The economists are talking about contract farming.  Are our farmers ready for contract farming?  Do they stand to gain from contract farming? How does one ensure that the companies entering into contract with farmers will not take them for a ride for the reason that these contracts are cleverly drawn in a language which the farmers may not understand. 

No doubt a few farmers in certain states have gone in for contract farming and many others are willing to go for it. However, the idea is to put more money in the hands of the farmers through this mechanism. Therefore, to safeguard the interests of the farmers the Government must first have a policy on contract farming and then model contracts in a language which the farmers understand.

Take our archaic agricultural marketing laws. Everyone is talking about putting more money in the hands of the farmers.  But in reality the farmer is forced to sell at lower prices because of our archaic agricultural marketing laws. The farmers are supposed to bring their perishable produce of fruit and vegetables to the designated mandis where the middlemen would help find a buyer for their produce.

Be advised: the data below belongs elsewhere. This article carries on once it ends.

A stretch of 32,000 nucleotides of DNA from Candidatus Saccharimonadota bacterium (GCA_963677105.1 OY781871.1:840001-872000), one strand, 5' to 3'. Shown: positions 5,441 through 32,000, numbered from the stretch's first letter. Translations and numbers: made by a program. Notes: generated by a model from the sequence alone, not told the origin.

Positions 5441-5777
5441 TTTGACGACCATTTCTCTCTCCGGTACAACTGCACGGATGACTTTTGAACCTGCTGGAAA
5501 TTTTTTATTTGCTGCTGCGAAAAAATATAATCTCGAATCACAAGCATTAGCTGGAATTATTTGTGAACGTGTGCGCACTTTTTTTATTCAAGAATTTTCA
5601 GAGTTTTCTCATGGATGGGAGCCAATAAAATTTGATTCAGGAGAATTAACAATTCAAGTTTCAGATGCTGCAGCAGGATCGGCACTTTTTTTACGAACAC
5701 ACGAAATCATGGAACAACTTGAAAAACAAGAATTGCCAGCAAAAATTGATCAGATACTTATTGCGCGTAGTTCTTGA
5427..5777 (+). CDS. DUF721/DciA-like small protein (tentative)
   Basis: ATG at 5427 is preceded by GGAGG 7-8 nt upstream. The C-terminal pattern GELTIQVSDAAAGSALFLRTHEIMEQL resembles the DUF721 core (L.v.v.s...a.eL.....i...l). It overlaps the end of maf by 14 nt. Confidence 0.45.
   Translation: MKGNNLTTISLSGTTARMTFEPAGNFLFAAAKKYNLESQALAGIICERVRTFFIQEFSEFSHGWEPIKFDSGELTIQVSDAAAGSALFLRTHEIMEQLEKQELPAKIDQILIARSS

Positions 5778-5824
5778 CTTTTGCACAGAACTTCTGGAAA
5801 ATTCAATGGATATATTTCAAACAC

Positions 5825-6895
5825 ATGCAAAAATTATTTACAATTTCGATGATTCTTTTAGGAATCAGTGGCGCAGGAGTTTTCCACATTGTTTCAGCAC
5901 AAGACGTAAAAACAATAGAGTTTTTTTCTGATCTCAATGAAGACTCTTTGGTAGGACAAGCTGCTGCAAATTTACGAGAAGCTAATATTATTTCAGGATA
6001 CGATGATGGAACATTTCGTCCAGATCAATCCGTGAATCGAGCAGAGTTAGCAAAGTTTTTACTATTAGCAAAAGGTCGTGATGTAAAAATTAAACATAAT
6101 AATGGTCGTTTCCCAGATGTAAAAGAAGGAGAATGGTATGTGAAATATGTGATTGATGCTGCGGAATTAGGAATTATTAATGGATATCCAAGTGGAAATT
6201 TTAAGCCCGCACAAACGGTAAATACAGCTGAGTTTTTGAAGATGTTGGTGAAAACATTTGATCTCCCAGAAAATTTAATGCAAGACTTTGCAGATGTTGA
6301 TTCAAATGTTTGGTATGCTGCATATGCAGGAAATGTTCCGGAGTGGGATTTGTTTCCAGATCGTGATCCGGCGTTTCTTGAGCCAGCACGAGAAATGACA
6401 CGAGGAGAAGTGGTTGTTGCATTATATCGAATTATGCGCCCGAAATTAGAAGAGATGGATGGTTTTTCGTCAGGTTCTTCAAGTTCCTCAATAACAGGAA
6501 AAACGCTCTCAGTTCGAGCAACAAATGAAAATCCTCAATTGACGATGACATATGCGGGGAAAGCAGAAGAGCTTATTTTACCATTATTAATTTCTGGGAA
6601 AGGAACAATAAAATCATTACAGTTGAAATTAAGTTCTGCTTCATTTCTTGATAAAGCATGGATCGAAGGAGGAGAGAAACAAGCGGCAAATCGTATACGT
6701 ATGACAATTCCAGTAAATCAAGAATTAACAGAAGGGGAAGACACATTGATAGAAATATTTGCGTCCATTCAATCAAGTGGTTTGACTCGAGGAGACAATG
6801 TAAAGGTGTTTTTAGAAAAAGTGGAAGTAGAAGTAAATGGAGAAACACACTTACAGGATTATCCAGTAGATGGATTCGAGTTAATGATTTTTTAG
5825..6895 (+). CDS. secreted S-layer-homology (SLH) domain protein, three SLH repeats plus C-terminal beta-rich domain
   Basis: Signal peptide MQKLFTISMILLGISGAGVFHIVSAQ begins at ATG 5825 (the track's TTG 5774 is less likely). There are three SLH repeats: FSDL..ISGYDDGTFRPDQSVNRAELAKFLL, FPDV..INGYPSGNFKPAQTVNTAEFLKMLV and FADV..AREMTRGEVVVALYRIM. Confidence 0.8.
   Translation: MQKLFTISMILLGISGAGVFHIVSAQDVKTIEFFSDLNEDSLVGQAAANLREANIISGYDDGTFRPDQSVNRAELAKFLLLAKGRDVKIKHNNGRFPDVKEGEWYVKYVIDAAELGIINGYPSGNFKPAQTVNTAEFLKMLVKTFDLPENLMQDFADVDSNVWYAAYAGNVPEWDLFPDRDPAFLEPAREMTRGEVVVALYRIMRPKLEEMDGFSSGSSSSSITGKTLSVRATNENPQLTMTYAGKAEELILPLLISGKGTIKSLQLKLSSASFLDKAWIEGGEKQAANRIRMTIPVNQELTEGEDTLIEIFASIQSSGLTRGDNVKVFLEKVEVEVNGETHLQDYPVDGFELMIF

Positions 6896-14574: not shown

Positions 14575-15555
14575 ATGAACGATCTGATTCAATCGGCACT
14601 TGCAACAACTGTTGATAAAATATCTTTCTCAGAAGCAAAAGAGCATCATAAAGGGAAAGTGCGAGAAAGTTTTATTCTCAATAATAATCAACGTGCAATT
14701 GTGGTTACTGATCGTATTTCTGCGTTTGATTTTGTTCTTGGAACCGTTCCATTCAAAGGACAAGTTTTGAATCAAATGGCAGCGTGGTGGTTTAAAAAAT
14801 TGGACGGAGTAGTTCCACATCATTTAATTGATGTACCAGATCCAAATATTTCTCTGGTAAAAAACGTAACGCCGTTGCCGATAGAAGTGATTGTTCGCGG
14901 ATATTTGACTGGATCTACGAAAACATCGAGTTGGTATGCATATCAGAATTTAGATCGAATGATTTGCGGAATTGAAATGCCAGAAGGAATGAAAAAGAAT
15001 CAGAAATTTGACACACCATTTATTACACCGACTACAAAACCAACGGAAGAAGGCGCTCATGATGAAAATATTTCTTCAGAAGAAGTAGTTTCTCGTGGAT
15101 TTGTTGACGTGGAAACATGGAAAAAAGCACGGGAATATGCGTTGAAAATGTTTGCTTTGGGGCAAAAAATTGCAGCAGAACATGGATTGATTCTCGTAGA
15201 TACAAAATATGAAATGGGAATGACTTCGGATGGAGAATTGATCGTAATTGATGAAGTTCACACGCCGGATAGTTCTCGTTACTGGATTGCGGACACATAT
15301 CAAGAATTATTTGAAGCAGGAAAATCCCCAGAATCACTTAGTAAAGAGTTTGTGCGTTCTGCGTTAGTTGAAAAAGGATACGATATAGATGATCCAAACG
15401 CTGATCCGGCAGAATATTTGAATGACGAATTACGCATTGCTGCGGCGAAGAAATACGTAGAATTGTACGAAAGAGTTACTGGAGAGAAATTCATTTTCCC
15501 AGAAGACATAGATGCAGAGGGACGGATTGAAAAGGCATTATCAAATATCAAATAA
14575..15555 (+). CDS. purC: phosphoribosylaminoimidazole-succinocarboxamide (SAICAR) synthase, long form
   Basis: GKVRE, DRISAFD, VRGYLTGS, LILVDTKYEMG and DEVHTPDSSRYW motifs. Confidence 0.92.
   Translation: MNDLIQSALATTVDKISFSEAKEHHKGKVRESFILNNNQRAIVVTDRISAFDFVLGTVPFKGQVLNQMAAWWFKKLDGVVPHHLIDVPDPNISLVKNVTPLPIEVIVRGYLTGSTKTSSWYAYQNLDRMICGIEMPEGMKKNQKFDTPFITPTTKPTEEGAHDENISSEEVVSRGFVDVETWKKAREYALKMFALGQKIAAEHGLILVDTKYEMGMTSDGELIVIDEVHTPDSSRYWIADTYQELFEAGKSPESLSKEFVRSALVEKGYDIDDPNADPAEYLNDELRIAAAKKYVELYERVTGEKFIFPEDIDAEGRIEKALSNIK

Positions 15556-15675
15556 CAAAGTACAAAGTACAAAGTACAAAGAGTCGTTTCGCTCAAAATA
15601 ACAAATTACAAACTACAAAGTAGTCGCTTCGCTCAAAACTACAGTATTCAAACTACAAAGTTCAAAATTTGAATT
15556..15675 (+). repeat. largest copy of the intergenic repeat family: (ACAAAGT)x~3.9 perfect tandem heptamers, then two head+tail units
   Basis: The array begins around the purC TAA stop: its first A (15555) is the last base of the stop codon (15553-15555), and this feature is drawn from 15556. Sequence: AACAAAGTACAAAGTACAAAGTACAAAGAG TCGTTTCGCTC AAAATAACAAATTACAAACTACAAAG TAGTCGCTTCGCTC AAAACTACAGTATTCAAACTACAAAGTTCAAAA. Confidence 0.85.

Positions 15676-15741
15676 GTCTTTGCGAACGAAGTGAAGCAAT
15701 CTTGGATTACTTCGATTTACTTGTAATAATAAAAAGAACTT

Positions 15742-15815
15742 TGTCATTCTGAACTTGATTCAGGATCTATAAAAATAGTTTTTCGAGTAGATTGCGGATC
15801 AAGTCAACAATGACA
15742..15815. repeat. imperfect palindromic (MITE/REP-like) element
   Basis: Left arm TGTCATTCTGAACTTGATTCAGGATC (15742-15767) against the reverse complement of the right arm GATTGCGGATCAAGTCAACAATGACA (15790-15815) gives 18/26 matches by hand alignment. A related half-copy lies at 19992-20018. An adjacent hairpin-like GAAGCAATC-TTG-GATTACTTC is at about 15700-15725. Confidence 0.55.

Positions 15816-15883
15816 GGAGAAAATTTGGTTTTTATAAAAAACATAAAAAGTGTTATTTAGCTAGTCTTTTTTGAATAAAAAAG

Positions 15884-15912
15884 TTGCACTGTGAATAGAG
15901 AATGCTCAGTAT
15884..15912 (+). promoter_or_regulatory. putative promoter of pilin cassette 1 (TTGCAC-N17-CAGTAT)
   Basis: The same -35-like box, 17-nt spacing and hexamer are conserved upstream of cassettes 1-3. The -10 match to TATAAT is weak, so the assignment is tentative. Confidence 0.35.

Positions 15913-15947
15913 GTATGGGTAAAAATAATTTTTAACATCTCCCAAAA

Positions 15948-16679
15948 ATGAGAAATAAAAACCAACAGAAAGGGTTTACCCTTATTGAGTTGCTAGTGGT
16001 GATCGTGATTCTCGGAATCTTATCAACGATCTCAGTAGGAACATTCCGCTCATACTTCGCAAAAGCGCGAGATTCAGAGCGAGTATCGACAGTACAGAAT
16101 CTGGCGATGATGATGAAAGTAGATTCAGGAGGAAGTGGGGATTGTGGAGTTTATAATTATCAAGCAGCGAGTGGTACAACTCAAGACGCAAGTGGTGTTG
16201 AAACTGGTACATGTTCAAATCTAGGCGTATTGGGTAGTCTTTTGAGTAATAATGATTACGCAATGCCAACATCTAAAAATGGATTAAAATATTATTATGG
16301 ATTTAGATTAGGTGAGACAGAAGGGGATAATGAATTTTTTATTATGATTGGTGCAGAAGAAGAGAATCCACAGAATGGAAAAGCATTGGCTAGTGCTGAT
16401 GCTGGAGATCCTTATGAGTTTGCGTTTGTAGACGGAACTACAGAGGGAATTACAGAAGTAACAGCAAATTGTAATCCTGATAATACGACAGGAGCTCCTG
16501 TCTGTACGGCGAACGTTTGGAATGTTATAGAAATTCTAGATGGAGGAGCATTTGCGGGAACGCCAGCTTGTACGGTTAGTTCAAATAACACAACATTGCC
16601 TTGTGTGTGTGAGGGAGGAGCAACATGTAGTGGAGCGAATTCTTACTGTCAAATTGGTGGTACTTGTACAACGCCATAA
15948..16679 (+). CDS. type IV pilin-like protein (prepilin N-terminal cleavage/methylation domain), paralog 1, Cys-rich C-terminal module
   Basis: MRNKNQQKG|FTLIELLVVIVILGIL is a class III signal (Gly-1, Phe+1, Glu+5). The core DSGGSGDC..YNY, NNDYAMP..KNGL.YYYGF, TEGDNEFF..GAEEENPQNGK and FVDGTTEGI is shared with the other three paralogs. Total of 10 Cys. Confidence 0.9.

Look at the absurdity. First the farmer has to spend money on transporting his produce to the mandi, then wait for a suitable “buyer” for a day or two. In the meantime the middleman pockets his commission and ultimately the farmer gets less than what he should have. 

Recall, when some of the business houses in the organised sector tried to venture into the retail of fruit and vegetables by directly procuring their supplies from the farmers, the middlemen and vendors were up in arms. Thus, forcing the State Governments either to shut down the organised outlets or seek refuge under the marketing act. 

There is no gainsaying that the ultimate loser has been the farmer. The farmer will always be the loser in such an institutional set up. Therefore, the Government will have to rethink the institutional changes in the marketing of fruit and vegetables.